Hagai Ulrich is a visual artist and a writer in the field of contemporary art. In his photography and new-media works, as well as in his art-writing, he examines the context between the form of the image and the contents that comprise it. He holds an MFA with honors from Bezalel Academy of Arts and Design Jerusalem, and a BFA from Hamidrasha Faculty of Arts at Beit-Berl.
Hagai Ulrich converses with Nadav Bin-Nun about music and art, improvisation, violence, and narcissism, following the release of his Spiritual Album.
Efrat Vital's show, Winnie (Real Daughter), presented recently at the Herzliya Artists' Residence, brings to the fore the denial and suppression of the problematic history of racism, slavery, and Colonialism in the southern part of the United States. Hagai Ulrich has visited the show, and he suggests thinking about it from a local point of view as well.
"Pre-Israeli Orientalism: A Photographic Portrait", written by Dor Guez, focuses on a photographic genre from the early decades of the twentieth century as a local, unique, and complex case of visual Orientalism. Hagai Ulrich reviews the book and suggests broadening the conversation through the values and characteristics of performance art.
In Richard Deacon's comprehensive solo show at the Prague Municipal Gallery, to see the large-scale sculptures viewers must get close, bend down, crane their necks upward, focus on the small details, and then again step back and look at the whole work. These exploratory actions that the viewers perform with their bodies and their movement through space have led Hagai Ulrich to try to understand how Deacon manages to physically express ideas, symbols, and signs that cannot be realized in time and space.
Orit Ishay's comprehensive show at the Prague City Gallery includes images of bomb shelters, military uniforms, mourning rituals, woman soldiers, and a scrapbook of local dried flowers that had been given to General Allenby. It seems that the entirety of activities Ishay engages in creates an interesting critical course in which information loses its content and reality sheds its substance.
"Slowland," Bianca Eshel Gershuni's and Oree Holban's joint exhibition, opened at Barbur Gallery in Jerusalem in the wake of the highly visible dispute between the gallery and the municipality, and the latter's attempts at censorship. Hagai Ulrich visited the show and returned with some thoughts about the political prospects suggested by the space the two have built.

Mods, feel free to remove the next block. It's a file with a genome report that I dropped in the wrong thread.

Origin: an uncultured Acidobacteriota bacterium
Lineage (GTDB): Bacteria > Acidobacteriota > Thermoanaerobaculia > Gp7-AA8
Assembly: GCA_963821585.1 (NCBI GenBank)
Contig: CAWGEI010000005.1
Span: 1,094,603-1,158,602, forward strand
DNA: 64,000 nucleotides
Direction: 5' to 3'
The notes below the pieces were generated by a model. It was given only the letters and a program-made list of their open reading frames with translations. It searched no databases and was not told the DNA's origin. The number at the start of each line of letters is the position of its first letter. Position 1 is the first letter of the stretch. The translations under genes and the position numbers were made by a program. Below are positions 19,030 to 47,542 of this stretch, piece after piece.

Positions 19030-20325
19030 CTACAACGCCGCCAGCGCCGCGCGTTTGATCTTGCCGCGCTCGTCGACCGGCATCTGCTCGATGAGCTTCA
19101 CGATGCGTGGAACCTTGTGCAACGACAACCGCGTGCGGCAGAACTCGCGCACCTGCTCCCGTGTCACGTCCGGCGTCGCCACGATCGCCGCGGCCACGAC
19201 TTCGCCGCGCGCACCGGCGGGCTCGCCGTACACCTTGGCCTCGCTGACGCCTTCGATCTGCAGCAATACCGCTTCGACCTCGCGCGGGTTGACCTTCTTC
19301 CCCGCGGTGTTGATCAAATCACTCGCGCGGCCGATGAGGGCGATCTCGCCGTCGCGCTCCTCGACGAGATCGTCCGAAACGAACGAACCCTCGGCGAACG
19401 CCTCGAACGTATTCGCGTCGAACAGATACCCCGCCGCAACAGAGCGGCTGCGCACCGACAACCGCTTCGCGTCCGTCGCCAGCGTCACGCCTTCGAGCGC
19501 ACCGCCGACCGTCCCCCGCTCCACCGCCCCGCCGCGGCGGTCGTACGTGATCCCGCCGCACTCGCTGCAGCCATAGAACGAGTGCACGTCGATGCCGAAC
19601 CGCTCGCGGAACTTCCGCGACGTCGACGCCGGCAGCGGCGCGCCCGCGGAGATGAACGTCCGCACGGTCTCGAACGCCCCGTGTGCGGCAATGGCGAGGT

Over the past thirty years, Miki Kratsman has been active as an artist, photojournalist, investigator, and archivist. Hagai Ulrich reviews his new book, the result of collaboration with curator and scholar Ariella Azoulay. The book examines the way in which photography can turn individuals into ultimate suspects.
Do the works of Michal Makaresco represent cheap fetishism and dubious situations? Were they made casually, easily, or on a whim? Hagai Ulrich visited the show at Hamidrasha Gallery in Tel Aviv and came back with thoughts about good taste, honesty, as well as questions about weight and scale.
Contemporary painting as the wreckage pile of Modernism or genuine Modernist painting? Focusing on composition or the subjects? Hagai Ulrich writes for Tohu on "Take Painting," showing at the Petach Tikva Museum of Art.
Many emotionally and politically charged places appear in Nir Evron's work, among them Rawabi, the new Palestinian city, the Seven Arches Hotel on Mount Olive, in Jerusalem, and the Jamestown Settlement in Virginia, USA. What happens to the concreteness of the locations and the specific political stories when the works separate content and form? Hagai Ulrich reviews Evron's show, "Masad (Foundation)."